Merge branch 'master' of mk30/Talks into master

Sven Slootweg 8 years ago committed by Gogs
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#Get better at helping people with programming
Marina Kukso
#things i didn't know when i was a beginner
* the big boy voice is bullshit
* i am not dumb if i don't understand what you're telling me
* it's not strange if i don't know x - i just don't know it.
* "the DOM"
* relationship b/w hardware and software
* how to use sample code & install instructions
* prog is a skill that you can learn like other skills.
* why programming books start with data types
* there are crystals inside computers
* what exactly a bit is
#experiences i had already had when i was a beginner
* geocities, html
* CS1 in college (java, eclipse)
* fetishization of programming
* "what it's like to be a woman at a bitcoin meetup"
* bad outcomes when i asked questions
#things that didn't work for me
* "ok, type console.log"
* "install firebug. you'll need it."
* online code schools & other non-interoperable things
* "just learn python"
* intro to github
* skeleton css framework
#things that worked for me - laying the groundwork
* html, geocities
* taking a computer apart
* bits & how computers store info
* pen and paper registry, data structures, pseudocode
* computer/programming "ask me anything" sessions
* being around nice hackerpeople
#things that worked for me - programming
* figured out that i needed to learn linux before a prog language
* bash - sit with tutee & do things via command line
* analogies and examples
* writing programs from scratch
* working with node (most people will be happy to make a website)
* concrete projects: neocities,, voxel.js, hardware, scripts
* amazing mentors, ongoing mentorship
* mentors pushed me to ask questions until i understood
* computerphile - "how would you make a computer do x"
#general tips
* empathy!
* assume as little as possible about the learner - ask q's
* constant feedback loop between you and the learner
* reassurance (personal stories) can be helpful
* examples, analogies, demonstrate on your comp
* history of computing - give the context! (eg origin of text-based interfaces.)
* help them set up an environment that will allow them to keep learning on their own
* person who sees self as beginner may not feel empowered to ask q's
* silence is not "i understand." check in at every step.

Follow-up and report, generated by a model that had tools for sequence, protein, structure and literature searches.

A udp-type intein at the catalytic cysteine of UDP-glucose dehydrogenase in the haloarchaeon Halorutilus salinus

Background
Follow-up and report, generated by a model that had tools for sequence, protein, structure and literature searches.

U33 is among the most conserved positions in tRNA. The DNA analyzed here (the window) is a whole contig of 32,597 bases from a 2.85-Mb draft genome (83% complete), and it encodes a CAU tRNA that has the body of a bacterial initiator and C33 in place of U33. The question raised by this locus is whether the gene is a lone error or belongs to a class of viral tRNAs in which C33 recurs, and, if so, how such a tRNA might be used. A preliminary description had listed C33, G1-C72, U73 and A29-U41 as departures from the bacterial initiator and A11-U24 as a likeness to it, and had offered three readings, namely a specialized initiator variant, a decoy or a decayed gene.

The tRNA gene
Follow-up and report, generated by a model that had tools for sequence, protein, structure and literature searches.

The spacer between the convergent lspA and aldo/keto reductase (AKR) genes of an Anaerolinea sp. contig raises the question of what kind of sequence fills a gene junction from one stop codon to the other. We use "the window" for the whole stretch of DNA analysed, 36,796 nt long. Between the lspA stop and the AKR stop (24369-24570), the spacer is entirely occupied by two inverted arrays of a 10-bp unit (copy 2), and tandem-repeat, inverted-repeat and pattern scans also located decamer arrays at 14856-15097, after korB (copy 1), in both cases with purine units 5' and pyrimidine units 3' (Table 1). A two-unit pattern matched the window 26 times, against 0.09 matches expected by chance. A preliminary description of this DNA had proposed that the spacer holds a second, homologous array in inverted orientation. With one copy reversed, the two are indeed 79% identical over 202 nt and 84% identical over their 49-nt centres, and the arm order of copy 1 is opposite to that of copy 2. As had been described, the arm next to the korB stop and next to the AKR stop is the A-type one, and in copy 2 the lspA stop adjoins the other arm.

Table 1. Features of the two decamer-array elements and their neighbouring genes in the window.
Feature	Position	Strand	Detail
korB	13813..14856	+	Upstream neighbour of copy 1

* ask q's until you understand what they're confused about
* read between the lines. xy problem. beginners often don't
use the right words to describe a problem.
* be aware of power you may hold in a situation
* you don't have to help all the time. "i'm busy right now", man pages
* jargon: focus on relevance/function; explain any jargon
in your explanation; if you are giving a very accurate, specific
explanation, explain why these seemingly minor
distinctions matter.
#specific tips
* don't touch learner's keyboard
* no, please: "it's easy"/"just do..."
* "are you familiar with?"
* "does that make sense?"
* "are you stuck on anything?"
* "do you know what to do next?"
* man pages, googling, reading errors
* don't say "guy" for "person"
* be aware of how you present to others - big boy voice, don't stare!
* as a mentor, you are responsible for the tenor of the
learning environment - ya gotta enforce!
* "do you have any ideas for what to work on?" if not, share
ideas that would be within reach of that person
* many want to learn prog for "practical" reasons, but not all!
* if a noob seems to be using a bad/weird tool, ask about it
& chat. (don't be dismissive or just suggest another tool
w/no explanation. give context.)
#secrets you should tell learners
* programmers use linux
* "which distro?" - k/l/ubuntu is well-supported
* "which language?" = "i'm not sure what to learn first".
start with bash!
* how programmers use IRC
* don't get taken in by those who use the big boy voice
* you don't have to take hazing/trolling/dickishness
* much of programming is not writing difficult algorithms
* much of programming is not hot shit. boring, useless, not wizardry.
* you don't have to memorize all the commands in the book
* linux commands are programs
* what built-in methods are
* don't update linux
* shell tips: .. , tab complete, history
* dev environment: text editors, git & github
* how "professional websites" get built: dev vs production, bug trackers, etc.
* what is localhost and how to run a dev version of your thing
* everyone googles all the time
* pros don't just have all errors & solutions memorized.
they've just learned through suffering through many errors.
one day this will be you! :D
* no: "i'm stuck on x but it's supposed to be easy!" it's
frustrating, but the more time you spend, the faster
you'll get. you will learn through pain :P
* there are common patterns in programming.
* if you don't get it, it doesn't make you dumb.
* you don't always have to know every detail of a thing to use it
* server program vs server computer
* different ways that the word "API" is used
* package manager as "free app store"
* solving problems w/a bag of command line apps vs giant gui program
* common command line apps - mplayer, imagemagick, youtube-dl, etc.
* large software & bags of utilities (frameworks, d3, etc.) vs small libraries
* types of work that's out there (front end, back end, sys admins)
* existing controversies & hierarchies in the field
* command line seems hard, but is easy. programming seems easy, but is hard.
#running a collaborative learning group
* space
* mentors
* learners
* calendar
* noise
* surprise treats are great
* encourage co-learning